Cataloging Life

Can a single barcode of DNA record biodiversity and keep us safe from poisons?

By Bob Grant

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1 for soil nematodes, barcoding's genesis lies in a 2003 paper in Proceedings of the Royal Society of London2 by Paul Hebert, a Canadian researcher who some call "the father DNA barcoding," and colleagues. In that paper, Hebert's team proposed a universal animal barcode: a segment of roughly 650 base pairs of the mitochondrial gene, cytochrome c oxidase 1 (CO1). CO1 became an attractive candidate for a barcode because the primers used to amplify the gene fragment worked across many animal groups. Moreover, researchers had previously suggested that the gene evolved rapidly enough to allow for discrimination between even closely related species.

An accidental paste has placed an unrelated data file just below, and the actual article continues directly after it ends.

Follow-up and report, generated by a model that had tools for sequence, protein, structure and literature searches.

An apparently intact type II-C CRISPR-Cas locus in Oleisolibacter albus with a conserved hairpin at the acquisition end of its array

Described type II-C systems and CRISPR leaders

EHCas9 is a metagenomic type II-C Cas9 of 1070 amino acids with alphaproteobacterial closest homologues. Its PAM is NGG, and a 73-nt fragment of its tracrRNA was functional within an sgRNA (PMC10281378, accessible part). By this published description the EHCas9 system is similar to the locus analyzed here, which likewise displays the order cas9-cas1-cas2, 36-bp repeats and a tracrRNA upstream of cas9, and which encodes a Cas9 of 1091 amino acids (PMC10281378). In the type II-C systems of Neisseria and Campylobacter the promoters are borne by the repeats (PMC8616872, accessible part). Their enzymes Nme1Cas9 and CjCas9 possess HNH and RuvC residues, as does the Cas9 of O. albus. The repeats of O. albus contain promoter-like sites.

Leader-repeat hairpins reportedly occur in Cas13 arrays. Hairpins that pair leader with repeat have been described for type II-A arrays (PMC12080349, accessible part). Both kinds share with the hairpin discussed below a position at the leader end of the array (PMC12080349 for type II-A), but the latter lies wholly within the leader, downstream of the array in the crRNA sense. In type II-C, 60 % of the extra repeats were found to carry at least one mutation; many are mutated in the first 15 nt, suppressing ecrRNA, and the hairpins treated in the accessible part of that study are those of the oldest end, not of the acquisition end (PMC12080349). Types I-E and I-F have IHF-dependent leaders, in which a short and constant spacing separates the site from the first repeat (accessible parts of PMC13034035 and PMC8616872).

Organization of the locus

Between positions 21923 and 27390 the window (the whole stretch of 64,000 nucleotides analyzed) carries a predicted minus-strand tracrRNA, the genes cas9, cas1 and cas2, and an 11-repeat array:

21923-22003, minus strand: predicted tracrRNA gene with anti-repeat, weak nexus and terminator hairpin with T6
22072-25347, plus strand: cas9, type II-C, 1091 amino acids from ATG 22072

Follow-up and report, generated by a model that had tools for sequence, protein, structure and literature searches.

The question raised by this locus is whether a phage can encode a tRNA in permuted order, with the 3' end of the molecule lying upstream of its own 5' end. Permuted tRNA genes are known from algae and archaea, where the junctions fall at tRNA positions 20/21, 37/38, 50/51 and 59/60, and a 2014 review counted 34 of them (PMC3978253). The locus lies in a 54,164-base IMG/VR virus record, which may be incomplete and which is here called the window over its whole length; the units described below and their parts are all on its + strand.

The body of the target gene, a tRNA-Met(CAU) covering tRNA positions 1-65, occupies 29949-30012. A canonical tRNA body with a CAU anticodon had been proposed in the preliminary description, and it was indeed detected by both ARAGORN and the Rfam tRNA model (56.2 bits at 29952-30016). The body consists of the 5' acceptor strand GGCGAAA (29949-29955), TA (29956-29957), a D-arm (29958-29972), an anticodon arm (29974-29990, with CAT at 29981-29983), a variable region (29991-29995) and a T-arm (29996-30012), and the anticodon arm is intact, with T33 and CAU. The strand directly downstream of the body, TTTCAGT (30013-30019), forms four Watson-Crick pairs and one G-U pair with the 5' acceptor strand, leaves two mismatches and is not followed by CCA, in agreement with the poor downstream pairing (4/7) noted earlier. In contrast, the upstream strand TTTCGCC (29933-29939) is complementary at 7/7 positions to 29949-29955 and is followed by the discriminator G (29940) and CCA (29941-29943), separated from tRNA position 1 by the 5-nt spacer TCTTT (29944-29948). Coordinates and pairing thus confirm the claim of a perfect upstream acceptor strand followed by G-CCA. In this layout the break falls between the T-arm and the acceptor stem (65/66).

CO1 appeared to work well as a barcode, at least for some animals. Using butterflies and moths Hebert collected from his own Canadian backyard...

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